## Power delivered to the circuit

The steps taken to obtain the power delivered to the circuit in the time step, t, are presented in this section. This process can be repeated multiple times for the same time step, t, within the control loop if there is an InvControl element controlling this PVSystem.

Step 1: Calculation of PV array’s output power The irradiance at a time step, t, is converted into PV array’s DC output power, Pdc[t], according to Equation 1.

Where:

- irradiance: Base value of irradiance in kW/m2. For static simulations, this value represents the present irradiance on PV array and therefore there is no need to define irradiance[t];
- irradiance[t]: Value of the yearly, daily or duty irradiance curve in the time step, t;
- PTCurve(Temperature[t]): Value of the correction factor in the time step t due to the tem- perature Temperature[t];
- Temperature[t]: Value of the temperature curve in time step t. For static simulations, however, the user must set the present temperature Temperature instead of this property.

Besides the inverter efficiency curve, another simplification of the model considers that the ratio of PV array’s output power, Pdc, to irradiance is linear, as can be seen in the Simplified curve (red curve) of Figure 6, however, the relationship between them, Real curve, is not constant for the entire range of irradiance values. It should be noted that the Real curve (blue curve) of Figure 6 does not correspond to a measured curve, it is just illustrative.

Step 2: Checking the PV inverter status The inverter status at time step t depends on its status in the previous time step, t − 1, as shown below.

When the inverter status is OFF in t - 1, it means that Pac[t - 1] = 0. It is turned ON in t according to Equation 2.

When the inverter status is ON in t - 1, it means that Pac[t - 1] > 0. It is turned OFF in t according to Equation 3.

Figure 6: PV array output power vs Irradiance

One model constraint is the need to have %cutout less than or equal to %cutin.

Step 3: Calculation of the inverter desired active output power The inverter desired active output power is calculated by Equation 4. In this step, the maximum active power limit is also verified by means of the %Pmpp property of the PVSystem and the active power limit, PLimit[t], resulting from an eventual operation of the volt-watt function of an InvControl element that might be controlling the PVSystem.

Where:

Step 4: Specification of inverter desired reactive power The inverter desired reactive power, Qtac, is defined separately from the active power and can be specified as either a fixed kvar value,

using the kvar property, or as a function of a constant power factor using PF property. In the first case, the inverter must try to keep the value of the reactive power constant and equal to kvar, regardless of the present value of the output active power. In the second case, which corresponds to the smart inverter function named as constant power factor, the inverter changes the reactive power to maintain the nominal power factor. Another way of setting the desired value of the reactive power, Qtac, is done by the operation of a few functions of the InvControl element, as shown in the section 2.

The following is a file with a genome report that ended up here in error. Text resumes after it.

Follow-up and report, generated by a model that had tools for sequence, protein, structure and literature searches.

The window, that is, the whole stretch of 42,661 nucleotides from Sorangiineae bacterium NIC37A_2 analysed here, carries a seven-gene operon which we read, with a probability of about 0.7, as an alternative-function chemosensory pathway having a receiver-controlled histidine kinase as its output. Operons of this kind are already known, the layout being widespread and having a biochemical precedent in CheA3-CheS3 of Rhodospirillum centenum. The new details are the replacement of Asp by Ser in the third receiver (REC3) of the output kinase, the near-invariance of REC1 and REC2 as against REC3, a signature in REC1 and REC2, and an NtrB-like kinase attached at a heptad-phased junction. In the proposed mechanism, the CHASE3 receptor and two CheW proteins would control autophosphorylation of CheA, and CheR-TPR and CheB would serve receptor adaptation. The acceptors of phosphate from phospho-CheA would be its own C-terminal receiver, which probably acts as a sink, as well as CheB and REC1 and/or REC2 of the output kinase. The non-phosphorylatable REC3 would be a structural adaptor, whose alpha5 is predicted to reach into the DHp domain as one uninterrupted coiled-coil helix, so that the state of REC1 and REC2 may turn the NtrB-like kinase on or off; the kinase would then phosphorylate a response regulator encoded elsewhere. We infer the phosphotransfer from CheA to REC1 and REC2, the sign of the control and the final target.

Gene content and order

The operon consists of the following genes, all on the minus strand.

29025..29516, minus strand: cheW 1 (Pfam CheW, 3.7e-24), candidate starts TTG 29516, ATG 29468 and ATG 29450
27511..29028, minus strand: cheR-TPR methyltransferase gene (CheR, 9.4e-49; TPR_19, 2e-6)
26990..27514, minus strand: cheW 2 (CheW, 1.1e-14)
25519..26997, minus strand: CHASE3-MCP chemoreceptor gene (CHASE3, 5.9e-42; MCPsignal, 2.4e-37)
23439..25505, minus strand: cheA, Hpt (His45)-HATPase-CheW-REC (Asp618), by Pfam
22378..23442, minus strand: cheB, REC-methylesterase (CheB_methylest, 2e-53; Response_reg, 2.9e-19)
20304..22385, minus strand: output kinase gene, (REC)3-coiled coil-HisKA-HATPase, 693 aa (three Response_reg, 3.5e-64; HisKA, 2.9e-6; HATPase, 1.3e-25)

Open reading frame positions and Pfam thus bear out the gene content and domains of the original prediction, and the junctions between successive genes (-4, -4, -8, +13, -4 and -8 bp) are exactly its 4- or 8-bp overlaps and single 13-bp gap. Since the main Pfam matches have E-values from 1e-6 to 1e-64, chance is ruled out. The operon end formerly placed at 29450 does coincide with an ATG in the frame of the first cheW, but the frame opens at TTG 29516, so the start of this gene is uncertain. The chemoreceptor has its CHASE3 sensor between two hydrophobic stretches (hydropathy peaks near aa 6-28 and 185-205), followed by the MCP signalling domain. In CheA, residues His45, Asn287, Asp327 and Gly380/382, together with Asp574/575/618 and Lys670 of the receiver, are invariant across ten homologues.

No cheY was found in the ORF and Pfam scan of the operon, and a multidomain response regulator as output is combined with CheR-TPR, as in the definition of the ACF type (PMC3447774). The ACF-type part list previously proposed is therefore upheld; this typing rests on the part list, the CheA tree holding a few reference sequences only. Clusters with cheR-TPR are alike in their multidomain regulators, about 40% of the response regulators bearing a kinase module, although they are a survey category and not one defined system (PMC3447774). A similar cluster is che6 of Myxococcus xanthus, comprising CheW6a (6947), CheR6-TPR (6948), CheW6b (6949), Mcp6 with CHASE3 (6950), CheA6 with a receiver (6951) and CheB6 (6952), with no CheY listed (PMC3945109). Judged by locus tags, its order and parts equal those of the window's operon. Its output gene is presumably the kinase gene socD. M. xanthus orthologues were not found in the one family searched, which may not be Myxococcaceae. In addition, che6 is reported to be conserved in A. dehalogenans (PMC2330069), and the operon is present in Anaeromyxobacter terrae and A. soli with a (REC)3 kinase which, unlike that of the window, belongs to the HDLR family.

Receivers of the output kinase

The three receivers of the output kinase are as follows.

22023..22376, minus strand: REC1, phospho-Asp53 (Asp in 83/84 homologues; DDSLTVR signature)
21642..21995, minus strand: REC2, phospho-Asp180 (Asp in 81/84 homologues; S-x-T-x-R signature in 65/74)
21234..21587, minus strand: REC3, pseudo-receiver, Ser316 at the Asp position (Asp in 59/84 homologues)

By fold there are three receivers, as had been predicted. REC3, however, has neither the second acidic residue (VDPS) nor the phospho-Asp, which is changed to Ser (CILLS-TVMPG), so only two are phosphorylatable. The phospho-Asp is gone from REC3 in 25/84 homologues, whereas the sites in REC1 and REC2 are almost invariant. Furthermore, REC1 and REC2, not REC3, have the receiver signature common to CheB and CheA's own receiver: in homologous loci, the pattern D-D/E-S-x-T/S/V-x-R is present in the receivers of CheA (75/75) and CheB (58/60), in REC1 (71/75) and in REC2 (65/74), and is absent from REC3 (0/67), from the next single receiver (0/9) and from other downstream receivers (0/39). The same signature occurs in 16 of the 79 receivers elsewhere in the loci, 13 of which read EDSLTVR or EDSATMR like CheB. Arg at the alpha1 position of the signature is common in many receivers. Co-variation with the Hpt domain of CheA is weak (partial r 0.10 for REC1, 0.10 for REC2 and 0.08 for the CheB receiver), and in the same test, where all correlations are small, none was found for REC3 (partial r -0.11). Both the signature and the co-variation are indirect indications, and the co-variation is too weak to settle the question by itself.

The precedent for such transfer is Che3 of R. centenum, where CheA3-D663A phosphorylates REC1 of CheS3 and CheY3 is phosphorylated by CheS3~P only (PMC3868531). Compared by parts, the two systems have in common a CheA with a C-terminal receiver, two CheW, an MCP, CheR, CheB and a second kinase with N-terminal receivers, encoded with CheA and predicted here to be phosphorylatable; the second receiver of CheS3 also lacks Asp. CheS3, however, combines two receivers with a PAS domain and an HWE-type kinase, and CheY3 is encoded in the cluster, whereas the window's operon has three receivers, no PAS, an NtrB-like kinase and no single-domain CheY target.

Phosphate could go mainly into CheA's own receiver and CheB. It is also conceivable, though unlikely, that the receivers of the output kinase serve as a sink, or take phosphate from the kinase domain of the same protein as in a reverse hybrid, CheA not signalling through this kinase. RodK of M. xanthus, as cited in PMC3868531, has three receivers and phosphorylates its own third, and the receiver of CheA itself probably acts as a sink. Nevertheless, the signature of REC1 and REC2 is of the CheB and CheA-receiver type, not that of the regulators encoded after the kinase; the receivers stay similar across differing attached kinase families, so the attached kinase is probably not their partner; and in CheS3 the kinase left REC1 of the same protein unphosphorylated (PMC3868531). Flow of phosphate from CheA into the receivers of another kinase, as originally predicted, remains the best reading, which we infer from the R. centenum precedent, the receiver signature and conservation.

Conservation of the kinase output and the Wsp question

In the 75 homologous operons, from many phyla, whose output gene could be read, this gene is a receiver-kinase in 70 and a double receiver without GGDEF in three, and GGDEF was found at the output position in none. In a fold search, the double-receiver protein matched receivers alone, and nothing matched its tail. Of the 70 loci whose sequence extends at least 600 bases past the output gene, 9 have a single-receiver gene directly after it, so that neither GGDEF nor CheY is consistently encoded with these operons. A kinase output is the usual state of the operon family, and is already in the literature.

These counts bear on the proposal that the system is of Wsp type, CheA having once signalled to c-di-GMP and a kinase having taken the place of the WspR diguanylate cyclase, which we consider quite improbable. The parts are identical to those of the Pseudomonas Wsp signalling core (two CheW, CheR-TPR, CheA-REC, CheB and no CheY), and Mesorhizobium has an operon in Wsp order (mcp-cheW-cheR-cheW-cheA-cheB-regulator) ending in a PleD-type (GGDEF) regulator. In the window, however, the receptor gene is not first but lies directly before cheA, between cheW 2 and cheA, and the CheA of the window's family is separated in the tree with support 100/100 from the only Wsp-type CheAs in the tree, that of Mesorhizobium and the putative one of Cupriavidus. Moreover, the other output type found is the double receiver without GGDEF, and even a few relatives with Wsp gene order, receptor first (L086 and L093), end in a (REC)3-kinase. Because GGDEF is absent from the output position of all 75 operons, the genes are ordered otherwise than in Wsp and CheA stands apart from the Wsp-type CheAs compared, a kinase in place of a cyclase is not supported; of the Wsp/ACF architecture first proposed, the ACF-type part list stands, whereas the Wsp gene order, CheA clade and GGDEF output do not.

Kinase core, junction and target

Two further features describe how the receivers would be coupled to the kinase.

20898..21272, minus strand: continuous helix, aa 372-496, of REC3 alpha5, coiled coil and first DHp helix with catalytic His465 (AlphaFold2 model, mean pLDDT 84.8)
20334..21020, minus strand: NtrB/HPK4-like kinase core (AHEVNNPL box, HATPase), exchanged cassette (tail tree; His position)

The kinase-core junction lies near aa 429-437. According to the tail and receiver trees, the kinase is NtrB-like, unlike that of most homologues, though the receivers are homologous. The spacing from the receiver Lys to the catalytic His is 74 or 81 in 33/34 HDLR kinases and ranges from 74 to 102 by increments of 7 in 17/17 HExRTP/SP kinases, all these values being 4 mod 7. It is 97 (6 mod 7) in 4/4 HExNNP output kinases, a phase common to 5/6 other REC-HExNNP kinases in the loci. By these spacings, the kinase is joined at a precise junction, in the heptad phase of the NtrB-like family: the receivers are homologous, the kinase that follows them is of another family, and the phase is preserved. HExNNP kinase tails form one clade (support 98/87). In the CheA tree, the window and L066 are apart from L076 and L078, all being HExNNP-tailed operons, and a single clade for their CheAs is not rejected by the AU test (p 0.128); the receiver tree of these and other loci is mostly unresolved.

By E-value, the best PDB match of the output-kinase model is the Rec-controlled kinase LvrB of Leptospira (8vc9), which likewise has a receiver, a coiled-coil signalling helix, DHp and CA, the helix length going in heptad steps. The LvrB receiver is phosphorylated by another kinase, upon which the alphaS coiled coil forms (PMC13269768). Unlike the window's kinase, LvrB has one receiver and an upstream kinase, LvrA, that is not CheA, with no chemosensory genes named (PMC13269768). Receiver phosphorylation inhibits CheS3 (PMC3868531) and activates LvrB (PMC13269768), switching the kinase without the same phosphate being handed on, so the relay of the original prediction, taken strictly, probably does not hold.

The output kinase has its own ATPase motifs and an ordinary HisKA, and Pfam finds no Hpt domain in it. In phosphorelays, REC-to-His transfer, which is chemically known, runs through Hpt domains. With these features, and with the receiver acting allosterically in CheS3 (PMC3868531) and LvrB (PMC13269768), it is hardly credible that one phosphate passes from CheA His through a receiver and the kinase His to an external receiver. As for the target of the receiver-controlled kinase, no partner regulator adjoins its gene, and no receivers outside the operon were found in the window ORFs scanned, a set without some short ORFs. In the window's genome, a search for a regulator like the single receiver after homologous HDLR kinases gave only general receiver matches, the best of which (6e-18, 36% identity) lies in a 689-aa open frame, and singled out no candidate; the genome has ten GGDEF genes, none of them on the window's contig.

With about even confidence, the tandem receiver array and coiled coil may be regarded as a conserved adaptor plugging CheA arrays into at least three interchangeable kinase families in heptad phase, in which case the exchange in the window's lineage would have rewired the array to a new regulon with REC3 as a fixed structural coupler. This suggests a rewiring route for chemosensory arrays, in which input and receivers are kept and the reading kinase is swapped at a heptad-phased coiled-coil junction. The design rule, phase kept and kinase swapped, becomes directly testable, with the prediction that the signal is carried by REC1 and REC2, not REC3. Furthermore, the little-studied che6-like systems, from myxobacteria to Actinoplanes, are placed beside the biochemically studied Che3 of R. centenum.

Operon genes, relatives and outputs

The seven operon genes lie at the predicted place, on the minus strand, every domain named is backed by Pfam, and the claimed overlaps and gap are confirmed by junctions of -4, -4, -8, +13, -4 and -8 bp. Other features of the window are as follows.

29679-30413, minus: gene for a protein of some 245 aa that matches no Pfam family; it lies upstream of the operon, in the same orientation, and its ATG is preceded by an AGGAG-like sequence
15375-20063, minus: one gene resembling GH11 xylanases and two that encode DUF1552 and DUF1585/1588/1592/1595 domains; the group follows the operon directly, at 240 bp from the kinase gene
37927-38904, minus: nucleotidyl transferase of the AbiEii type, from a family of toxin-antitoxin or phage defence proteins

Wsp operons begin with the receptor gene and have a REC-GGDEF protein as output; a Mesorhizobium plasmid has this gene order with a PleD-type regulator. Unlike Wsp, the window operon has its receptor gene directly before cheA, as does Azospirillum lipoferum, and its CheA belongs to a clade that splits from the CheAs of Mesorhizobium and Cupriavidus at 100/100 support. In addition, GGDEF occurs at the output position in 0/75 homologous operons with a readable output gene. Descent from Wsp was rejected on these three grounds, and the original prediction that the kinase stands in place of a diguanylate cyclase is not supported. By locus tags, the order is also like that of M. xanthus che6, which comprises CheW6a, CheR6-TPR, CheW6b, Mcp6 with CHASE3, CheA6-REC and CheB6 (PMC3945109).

Step 5: Checking the inverter reactive power limits The desired reactive power after the verification of its limits is presented in equations 6 and 7. Equation 6 is used when the desired reactive power, Qt [t], is positive and, Equation 7, when it is negative.

Equation 8 and Equation 9 present the limits of the provided and absorbed reactive power, respectively, as a function of the active power delivered to the grid.

Where:

If the inverter status is OFF, Qttac[t] can only be non-zero when the VarFollowInverter property is set to NO or False.

Step 6: Checking inverter capability The maximum inverter capacity corresponds to its kVA rating. Active and reactive power that are delivered to the grid can be defined according to Equations 10 and 11 when the inverter capacity is not exceeded.

If its capacity is exceeded, the PV inverter limits the value of its kVA rating, kV A property. As a result, P’ac[t] and/or Q”ac[t] should be reduced to meet one of the following 3 priorities:

- Power factor priority Equations 12 and 13 present the values of the active and reactive power that are delivered to the grid when the inverter capacity is exceeded under power factor priority.

- Active power priority Equation 14 presents the new reduced value of the reactive power that is delivered to the circuit when the inverter capacity is exceeded under active power priority. If the active power is greater than or equal to the capacity of the inverter, the new value of the active power that is delivered to the grid becomes the kVA rating and therefore, there is no room for reactive power, according to Equation 15.

- Reactive power priority Equation 16 presents the new reduced value of the active power that is delivered to the circuit when the inverter capacity is exceeded under reactive power priority. If the reactive power is greater than or equal to the capacity of the inverter, the new value of the reactive power becomes the capacity of the inverter itself, according to Equation 17, but this can only happen if the inverter is capable of providing or absorbing reactive power without any active power, in other words, when the VarFollowInverter property is set to either NO or False.

Finally, the apparent power provided by the PVSystem in a time step t can be written according to Equation 18.